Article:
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Summary: Motivational sermon to move forward in the work of the church.

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LET US RISE UP AND BUILD!

Nehemiah 2:17-20

By Cleavon Matthews

October 7, 2007

INTRODUCTION

Nehemiah is motivated. Nehemiah is inspired. The urgency is because ‘the survivors who are left from the captivity in the province are there in great distress and reproach. The wall of Jerusalem is also broken down and its gates are burned with fire.’

This news knocked him down. It caused weakness in his knees and weeping in his eyes. Nehemiah mourned with woeful heart for numerous days. But in his misery Nehemiah turned to the Lord God of heaven. Nehemiah sought the source of all blessings. In his anguish Nehemiah turned to the Great and Awesome God. He looked to the Lord Who keeps covenant and mercy with those who love and obey Him.

Nehemiah turns to the omnipotent difference maker with fasting and prayer. Don’t make the mistake of thinking Nehemiah is primarily interested in walls and gates. Nehemiah is concerned about ‘the survivors in great distress and reproach.’

This architectural endeavor is not about a building rather it is about rebuilding survivors! Are there any survivors in here? Are there survivors in great distress and reproach? A survivor is a person who has been through some catastrophic event or episode where others didn’t make it but somehow by the grace of God they survived! A survivor is a person who the beat the odds! The odds said you wouldn’t make it!

This project is about fortifying the fallen. It’s about reconstructing the crushed. It‘s about removing reproach. It’s about defeating distress. Rebuilding the walls and repairing the gates were aimed at renewing and restoring Israel’s relationship with God.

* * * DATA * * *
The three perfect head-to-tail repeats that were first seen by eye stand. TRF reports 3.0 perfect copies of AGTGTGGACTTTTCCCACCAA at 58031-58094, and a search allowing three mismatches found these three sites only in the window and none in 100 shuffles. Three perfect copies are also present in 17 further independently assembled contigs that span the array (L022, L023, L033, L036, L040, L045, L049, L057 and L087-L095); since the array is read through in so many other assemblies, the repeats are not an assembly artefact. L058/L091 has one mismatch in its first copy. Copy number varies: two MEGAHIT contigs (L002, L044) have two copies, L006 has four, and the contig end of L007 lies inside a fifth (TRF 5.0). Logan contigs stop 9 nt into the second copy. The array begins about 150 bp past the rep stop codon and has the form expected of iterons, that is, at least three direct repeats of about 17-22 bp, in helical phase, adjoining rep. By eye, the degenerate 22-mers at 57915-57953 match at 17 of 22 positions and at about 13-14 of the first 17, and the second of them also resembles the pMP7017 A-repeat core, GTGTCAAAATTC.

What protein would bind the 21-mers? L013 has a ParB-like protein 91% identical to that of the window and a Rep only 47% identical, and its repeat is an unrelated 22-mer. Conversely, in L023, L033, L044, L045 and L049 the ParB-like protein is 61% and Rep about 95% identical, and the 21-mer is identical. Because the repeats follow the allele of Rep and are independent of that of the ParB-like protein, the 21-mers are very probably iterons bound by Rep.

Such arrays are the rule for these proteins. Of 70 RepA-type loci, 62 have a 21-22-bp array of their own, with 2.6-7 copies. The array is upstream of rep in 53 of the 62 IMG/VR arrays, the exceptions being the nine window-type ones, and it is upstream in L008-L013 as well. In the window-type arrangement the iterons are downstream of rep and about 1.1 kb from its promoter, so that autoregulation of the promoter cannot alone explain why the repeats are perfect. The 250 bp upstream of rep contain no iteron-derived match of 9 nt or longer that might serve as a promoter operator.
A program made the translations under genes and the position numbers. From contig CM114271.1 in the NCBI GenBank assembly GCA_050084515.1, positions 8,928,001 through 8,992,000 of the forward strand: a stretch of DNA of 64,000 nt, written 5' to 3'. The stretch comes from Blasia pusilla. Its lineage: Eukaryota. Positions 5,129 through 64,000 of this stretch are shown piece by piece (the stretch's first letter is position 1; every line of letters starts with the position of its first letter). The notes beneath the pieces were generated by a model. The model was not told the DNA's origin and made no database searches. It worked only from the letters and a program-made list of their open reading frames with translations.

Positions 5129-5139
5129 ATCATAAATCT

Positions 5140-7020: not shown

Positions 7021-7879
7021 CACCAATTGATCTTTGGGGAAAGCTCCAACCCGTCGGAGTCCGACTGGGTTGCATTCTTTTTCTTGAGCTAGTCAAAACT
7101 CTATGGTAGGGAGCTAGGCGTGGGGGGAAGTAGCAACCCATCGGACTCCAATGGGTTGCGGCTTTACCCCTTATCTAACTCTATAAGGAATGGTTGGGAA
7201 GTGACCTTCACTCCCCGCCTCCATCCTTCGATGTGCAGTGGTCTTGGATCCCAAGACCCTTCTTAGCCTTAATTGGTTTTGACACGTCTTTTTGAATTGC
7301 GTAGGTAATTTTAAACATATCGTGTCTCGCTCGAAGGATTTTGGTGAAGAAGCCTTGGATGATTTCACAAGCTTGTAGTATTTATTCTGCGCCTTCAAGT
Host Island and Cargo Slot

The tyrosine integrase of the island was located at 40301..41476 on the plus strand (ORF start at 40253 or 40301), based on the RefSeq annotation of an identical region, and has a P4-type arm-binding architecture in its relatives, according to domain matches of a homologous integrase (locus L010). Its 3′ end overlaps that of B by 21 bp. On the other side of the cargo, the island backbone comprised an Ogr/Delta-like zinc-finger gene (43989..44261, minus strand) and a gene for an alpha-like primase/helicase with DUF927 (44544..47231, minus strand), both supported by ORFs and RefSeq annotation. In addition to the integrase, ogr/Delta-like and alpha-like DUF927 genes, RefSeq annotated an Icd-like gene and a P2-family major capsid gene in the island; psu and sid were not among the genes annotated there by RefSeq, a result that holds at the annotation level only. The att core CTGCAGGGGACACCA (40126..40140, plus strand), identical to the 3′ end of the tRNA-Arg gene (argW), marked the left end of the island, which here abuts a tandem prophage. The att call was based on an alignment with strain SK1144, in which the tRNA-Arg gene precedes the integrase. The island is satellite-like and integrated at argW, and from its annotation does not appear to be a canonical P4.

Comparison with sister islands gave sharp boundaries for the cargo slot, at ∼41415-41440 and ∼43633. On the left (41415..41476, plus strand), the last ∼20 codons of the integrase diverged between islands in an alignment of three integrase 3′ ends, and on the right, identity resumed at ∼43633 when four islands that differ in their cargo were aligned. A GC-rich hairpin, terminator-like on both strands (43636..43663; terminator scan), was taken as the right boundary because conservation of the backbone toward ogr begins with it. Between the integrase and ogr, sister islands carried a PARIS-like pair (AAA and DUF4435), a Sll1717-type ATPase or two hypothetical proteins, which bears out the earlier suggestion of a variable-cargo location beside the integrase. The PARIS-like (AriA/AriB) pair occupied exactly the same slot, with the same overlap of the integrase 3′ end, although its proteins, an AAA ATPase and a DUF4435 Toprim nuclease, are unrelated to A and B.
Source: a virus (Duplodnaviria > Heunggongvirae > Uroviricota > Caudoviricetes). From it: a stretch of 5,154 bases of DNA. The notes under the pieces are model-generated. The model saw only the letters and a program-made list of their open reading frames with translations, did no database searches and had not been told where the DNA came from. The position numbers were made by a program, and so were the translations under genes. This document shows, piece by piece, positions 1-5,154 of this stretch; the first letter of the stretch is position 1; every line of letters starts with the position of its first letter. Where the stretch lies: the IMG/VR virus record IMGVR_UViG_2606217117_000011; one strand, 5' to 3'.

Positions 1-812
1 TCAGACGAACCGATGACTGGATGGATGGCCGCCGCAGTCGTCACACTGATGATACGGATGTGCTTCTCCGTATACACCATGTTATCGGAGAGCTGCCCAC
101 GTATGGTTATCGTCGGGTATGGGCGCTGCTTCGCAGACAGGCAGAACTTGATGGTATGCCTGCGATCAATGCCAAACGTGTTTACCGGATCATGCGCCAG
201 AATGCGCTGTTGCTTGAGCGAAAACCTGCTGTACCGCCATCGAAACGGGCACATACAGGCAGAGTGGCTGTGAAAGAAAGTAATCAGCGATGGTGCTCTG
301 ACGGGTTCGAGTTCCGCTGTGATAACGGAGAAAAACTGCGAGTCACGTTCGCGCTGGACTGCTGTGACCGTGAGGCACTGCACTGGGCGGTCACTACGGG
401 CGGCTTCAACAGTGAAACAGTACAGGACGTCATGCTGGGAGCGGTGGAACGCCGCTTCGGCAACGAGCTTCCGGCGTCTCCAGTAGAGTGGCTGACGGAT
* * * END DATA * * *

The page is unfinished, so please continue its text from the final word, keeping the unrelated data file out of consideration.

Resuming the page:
We are not building a monument. A monument is something to remind people of the past. Church monuments often become museums to be maintained rather than tools to be used. This program is an instrument to be used in ministry to ‘the survivors who happen to be in great distress.’ Their lives are in ruins. Their walls are torn down and gates are burned with fire.

I.THE GREAT DISTRESS

Nehemiah 2:17a “Then I said to them, “You see the distress that we are in, how Jerusalem lies waste, and its gates are burned with fire.”

Jerusalem lies in waste. The gates are burned with fire. Jerusalem is literal but also symbolic. Jerusalem is the place of God’s habitation. The Lord dwells in Jerusalem. Jerusalem is called the holy city and the city of God. The Lord placed His Name in Jerusalem . His name and dwelling were not in Babylon, not in Assyria, not in Damascus, not in Egypt, not in Persia, not in Philistia, but His Name and dwelling were in Jerusalem.

During the Babylonian captivity Jerusalem had been destroyed. The people of God were taken into exile. They were removed from their homeland. The Babylonians carried away both the treasures of God’s house and the king’s house. Babylonian carried all the captains, mighty men of valor, craftsmen, and smiths. They left none except the poor and weak.

The intense affection of Jerusalem in the heart of God’s people is expressed in Psalm 137. The sweet Psalmist captures the brokenness and sorrow of the captives. It is not a song for those unwilling to address the painful realities of living for God in a fallen world. Listen to the Psalmist. Listen to the lament. Here the heart. Watch the weeping.

Don’t miss the disgrace. Don’t overlook the distress.

1 By the rivers of Babylon,

There we sat down, yea, we wept

When we remembered Zion.

2 We hung our harps

Upon the willows in the midst of it.

3 For there those who carried us away captive asked of us a song,

And those who aplundered us requested mirth,

Saying, “Sing us one of the songs of Zion!”

4 How shall we sing the LORD’s song

In a foreign land?

5 If I forget you, O Jerusalem,

Let my right hand forget its skill!

6 If I do not remember you,

Let my btongue cling to the roof of my mouth—

If I do not exalt Jerusalem

Above my chief joy.

7 Remember, O LORD, against cthe sons of Edom

The day of Jerusalem,

Who said, 1“Raze it, raze it,

To its very foundation!”

8 O daughter of Babylon, dwho are to be destroyed,

Happy the one ewho repays you as you have served us!

9 Happy the one who takes and fdashes

Your little ones against the rock!

But now they have been released from Babylonian captivity! The Persians rule. They

are liberated. They can return to Jerusalem. Many returned with Ezra to rebuild the

Temple. But restoration is not complete.

The survivors are in great distress. Jerusalem is literal but it is also symbolic. It was the

dwelling place of God. But God no longer dwells in a temple made with hands. Paul

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